The English Channel is a water body located off the coast of Europe connecting the Atlantic Ocean to the North Sea through the Strait of Dover. The channel separates northern France on the European mainland from southern England on the island of Great Britain. The English Channel also goes by the names MOR Breizh, the Sleeve, the Sea of Brittany, MOR Bretannek, or simply the Channel.
Formation of the Channel
The island of Great Britain was formally part of continental Europe which was linked by the Weald-Artois Anticline. However, two catastrophic floods resulted in the destruction of the anticline that connected Britain to continental Europe with only a small piece of land remaining. This land connection was severed during the last glacial period.
Understanding the English Channel
The English Channel is roughly 350 miles long. It stretches from 20.7 miles to around 150 miles in width. The English Channel’s widest portion is between Lyme Bay and Gulf of Saint Malo near the channel’s midpoint. The channel is approximately 50 meters deep with less depth between straits of Calais and Dover. The English Channel is the shallowest of all the Europeans continental shelf.
The strongest tides found in the English Channel are in the Strait of Dover. Temperatures range from 45 degrees Fahrenheit in February to 61 degrees Fahrenheit in September. The weather above the English Channel varies from chilly, cloudy, and wet between October and April to fair and dry weather during the rest of the year.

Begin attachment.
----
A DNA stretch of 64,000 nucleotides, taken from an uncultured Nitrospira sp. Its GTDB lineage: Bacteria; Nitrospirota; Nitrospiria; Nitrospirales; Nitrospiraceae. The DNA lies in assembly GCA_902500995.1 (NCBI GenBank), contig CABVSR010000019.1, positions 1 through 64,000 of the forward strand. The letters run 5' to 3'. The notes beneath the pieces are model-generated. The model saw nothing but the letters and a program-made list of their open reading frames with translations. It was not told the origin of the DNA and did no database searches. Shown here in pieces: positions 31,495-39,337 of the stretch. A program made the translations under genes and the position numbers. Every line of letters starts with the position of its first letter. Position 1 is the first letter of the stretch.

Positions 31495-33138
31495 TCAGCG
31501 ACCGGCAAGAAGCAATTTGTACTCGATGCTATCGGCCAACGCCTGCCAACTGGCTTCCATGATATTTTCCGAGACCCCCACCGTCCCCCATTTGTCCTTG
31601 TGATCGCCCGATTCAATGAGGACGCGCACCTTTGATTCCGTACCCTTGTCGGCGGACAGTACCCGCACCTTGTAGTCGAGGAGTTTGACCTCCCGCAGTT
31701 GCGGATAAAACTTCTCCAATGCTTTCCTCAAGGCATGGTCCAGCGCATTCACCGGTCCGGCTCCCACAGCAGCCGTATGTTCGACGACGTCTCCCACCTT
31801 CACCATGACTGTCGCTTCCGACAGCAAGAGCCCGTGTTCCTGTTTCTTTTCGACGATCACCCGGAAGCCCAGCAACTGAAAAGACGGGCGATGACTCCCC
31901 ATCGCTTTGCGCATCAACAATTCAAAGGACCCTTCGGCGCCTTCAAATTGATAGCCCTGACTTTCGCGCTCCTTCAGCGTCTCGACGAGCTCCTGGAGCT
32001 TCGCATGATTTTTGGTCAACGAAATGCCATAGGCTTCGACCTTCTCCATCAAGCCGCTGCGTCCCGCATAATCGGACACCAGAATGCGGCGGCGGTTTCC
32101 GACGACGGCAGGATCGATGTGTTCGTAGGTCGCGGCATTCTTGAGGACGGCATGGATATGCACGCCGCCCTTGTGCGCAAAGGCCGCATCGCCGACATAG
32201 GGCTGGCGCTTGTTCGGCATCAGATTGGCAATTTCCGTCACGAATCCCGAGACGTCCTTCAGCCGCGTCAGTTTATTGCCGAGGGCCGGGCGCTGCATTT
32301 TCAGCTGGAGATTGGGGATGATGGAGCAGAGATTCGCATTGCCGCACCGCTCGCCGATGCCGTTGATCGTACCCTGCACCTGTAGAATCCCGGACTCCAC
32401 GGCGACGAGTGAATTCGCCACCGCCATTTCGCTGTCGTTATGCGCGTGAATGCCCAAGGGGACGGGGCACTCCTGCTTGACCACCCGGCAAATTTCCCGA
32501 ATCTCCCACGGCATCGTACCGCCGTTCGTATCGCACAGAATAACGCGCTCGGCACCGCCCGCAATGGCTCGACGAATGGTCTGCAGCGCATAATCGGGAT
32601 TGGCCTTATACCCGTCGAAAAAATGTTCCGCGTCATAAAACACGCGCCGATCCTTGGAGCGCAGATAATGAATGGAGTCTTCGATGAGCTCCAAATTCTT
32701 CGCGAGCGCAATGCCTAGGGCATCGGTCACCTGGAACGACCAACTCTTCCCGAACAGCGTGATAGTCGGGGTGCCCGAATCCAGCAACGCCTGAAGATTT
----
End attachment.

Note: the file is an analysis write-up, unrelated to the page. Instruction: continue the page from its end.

The waters of the English Channel are inhabited by fish such as cod, whiting, herring, pilchard, hake, and mullet. Islands around the English Channel include Saint Anne, Saint Peter Port, Saint Helier, Saint Herm, and Sark. The French refer to the English Channel as the La Manche.
Economic Significance of the English Channel
The English Channel Tunnel is one of the busiest seaways globally. It possesses a 31-miles long rail tunnel connecting England to France which makes it the fourth-longest rail tunnel. It takes roughly 35 minutes to travel from England to France using the rail tunnel. Over 50,000 people use the tunnel daily. Moreover, 500 ships operate along the English Channel every day making the area a busy shipping region with the main ports including Folkestone and Dover in England as well as Boulogne and Calais in France.
The favorable climate, sandy beaches and the various attractive coasts on both France and England sides of the English Channel have led to the growth of the tourism industry. Tourists started visiting the channel in the 18th-century due to its magnificent resorts.
The ports of Le Havre and Southampton facilitate oil-refining leading to commercial growth of these areas. Furthermore, both France and England use the channel’s water for their nuclear-powered cooling generation stations. Additionally, the Brittany’s Rance Tidal Power Station is responsible for tidal-power generation by using the tides which go as high as over 35 feet.